Written By Michelle Douglass, Esq.

In a recent decision, Kennedy v. Weichert Co., No. A-0518-19 (App. Div. Feb. 9, 2023), the Court addressed whether a real estate salesperson, James Kennedy II, classified as an independent contractor through an agreement with his broker, Weichert Co., is excluded from protections under the Wage Payment Law (WPL), which covers employees but not independent contractors. Kennedy had filed a class action suit claiming misclassification and unlawful deductions from commissions.

Initially, the trial court and the Appellate Division considered Kennedy’s classification under the legal “ABC” test for employment status. However, amendments to the New Jersey Real Estate License Act (Brokers Act) complicated the issue. These amendments, effective from 2018 and further modified in 2022, clarified that real estate brokers and salespersons can enter into independent contractor agreements.

On appeal, the Court determined that the specific agreement between Kennedy and Weichert, identifying Kennedy as an independent contractor, is enforceable under the Brokers Act.

The amendments to the New Jersey Real Estate License Act (Brokers Act) were pivotal in the Court’s decision regarding Kennedy’s classification. Here’s how they influenced the ruling:

  • Clarification of Independent Contractor Status: The 2018 amendments explicitly allowed real estate brokers and salespersons to enter into independent contractor relationships. This change was crucial because it provided a legal foundation for such agreements within the real estate industry, distinguishing them from traditional employee relationships covered by the Wage Payment Law (WPL).
  • Retroactive Application: The 2022 amendments further specified that the 2018 changes apply retroactively. This meant that even for the period before the 2018 amendments, the agreements between brokers and salespersons to classify the latter as independent contractors were valid and enforceable.
  • Superseding Other Laws: The language in the amendments, particularly the “notwithstanding” clause, indicated that these agreements take precedence over any conflicting laws, rules, or regulations. This explicitly included the WPL, which otherwise would apply the “ABC” test to determine employment status.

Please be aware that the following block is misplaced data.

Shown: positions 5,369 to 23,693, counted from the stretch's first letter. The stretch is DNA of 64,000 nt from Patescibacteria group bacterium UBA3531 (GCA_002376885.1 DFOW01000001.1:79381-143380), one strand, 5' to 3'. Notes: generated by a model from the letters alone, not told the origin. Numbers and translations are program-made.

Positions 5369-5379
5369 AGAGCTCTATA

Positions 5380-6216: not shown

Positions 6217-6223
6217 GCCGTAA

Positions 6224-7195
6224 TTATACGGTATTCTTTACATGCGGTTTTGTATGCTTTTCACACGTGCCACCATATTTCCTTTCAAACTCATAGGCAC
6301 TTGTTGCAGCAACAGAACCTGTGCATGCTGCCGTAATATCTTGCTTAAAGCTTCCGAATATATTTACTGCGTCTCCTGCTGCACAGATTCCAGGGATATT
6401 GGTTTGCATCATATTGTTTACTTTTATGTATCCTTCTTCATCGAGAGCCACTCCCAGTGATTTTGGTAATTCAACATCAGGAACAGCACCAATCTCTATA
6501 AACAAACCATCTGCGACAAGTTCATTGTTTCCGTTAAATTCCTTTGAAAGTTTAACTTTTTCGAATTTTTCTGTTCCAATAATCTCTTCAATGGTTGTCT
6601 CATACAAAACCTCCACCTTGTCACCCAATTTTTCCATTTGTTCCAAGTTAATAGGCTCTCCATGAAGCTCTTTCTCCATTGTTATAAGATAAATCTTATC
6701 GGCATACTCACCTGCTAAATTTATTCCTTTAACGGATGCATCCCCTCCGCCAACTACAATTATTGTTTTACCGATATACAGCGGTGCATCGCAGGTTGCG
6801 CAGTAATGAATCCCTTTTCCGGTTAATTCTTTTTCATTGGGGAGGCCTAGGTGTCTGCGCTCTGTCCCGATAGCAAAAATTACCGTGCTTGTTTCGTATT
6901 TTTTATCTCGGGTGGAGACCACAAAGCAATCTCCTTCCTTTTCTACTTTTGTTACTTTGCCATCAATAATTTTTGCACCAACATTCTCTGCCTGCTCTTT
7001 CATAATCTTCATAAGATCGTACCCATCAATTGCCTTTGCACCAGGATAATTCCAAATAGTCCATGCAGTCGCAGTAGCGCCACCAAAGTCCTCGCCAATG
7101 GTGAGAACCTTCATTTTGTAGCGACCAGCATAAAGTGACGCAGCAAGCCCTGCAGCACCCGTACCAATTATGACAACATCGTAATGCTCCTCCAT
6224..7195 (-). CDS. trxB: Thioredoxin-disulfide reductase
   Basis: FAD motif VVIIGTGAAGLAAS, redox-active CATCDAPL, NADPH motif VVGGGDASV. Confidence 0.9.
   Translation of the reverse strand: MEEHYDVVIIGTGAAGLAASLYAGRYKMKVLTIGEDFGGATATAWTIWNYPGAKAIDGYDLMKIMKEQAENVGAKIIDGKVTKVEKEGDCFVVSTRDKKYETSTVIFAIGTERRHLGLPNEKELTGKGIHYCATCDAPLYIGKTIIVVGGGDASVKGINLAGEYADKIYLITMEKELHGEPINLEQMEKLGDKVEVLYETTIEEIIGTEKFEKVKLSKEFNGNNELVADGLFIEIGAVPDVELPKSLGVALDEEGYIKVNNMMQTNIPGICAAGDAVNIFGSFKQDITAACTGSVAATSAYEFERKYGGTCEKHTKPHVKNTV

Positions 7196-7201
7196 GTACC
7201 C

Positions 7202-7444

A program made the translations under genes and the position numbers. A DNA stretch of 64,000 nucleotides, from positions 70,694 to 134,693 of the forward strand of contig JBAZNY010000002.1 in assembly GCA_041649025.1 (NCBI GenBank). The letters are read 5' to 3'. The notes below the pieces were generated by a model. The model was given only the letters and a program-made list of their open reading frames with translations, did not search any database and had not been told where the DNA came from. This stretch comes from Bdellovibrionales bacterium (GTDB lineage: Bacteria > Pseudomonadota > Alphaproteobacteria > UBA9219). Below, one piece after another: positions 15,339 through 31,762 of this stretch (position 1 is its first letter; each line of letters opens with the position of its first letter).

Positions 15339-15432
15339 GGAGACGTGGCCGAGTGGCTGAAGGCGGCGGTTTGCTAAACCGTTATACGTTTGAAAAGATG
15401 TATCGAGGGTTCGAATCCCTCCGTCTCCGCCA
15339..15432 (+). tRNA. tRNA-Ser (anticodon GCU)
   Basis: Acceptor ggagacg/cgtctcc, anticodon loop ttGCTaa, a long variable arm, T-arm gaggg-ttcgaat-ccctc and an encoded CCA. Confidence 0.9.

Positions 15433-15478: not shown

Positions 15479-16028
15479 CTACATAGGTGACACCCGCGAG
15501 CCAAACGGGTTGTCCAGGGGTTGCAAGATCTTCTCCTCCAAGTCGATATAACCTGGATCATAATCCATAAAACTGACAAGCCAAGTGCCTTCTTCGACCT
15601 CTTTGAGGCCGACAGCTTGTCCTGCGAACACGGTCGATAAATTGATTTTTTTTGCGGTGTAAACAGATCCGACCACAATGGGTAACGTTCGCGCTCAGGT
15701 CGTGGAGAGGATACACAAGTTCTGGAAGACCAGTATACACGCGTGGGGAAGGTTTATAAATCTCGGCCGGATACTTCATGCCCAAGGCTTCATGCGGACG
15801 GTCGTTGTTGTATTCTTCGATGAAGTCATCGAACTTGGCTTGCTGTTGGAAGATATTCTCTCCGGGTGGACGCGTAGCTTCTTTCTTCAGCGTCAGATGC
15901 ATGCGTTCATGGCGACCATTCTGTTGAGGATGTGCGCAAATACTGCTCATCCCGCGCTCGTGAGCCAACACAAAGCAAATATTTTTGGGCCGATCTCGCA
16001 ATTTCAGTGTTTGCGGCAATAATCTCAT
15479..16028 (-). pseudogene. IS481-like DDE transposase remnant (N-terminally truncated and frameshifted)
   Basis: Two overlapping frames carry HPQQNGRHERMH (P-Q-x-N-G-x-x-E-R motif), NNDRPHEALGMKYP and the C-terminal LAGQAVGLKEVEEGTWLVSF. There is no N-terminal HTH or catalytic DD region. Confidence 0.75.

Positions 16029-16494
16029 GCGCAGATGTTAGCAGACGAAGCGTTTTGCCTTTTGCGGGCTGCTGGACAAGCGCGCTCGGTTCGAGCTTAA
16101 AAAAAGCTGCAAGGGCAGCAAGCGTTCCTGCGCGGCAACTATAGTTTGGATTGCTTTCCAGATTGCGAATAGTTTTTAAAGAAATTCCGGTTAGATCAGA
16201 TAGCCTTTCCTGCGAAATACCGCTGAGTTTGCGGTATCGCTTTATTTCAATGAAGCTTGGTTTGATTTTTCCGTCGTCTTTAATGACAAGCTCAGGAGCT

Because of these amendments, the Court concluded that the independent contractor agreement between Kennedy and Weichert was dispositive. Thus, the legal “ABC” test, which is generally used to determine whether someone is an employee or an independent contractor under the WPL, was deemed inapplicable in this context. The Court enforced the terms of the written agreement, categorizing Kennedy as an independent contractor and excluding him from WPL protections. The Court emphasized that this agreement prevails over other legal standards, including the WPL. Consequently, the Court ruled that Kennedy, as an independent contractor by written agreement, is not subject to the WPL and reversed the lower court’s decision, mandating the dismissal of Kennedy’s complaint.

The takeaway from this decision is that under the New Jersey Real Estate License Act, as amended, real estate brokers and salespersons can establish independent contractor relationships through written agreements, which take precedence over other legal standards such as the Wage Payment Law (WPL). This means that if a real estate salesperson has agreed in writing to be classified as an independent contractor, this classification is legally enforceable, and the salesperson is not subject to the protections or employee classification standards of the WPL. The Court’s ruling underscores the importance of the specific terms of the agreement between brokers and salespersons in determining employment status within the real estate industry.

Learn more about Michelle Douglass here.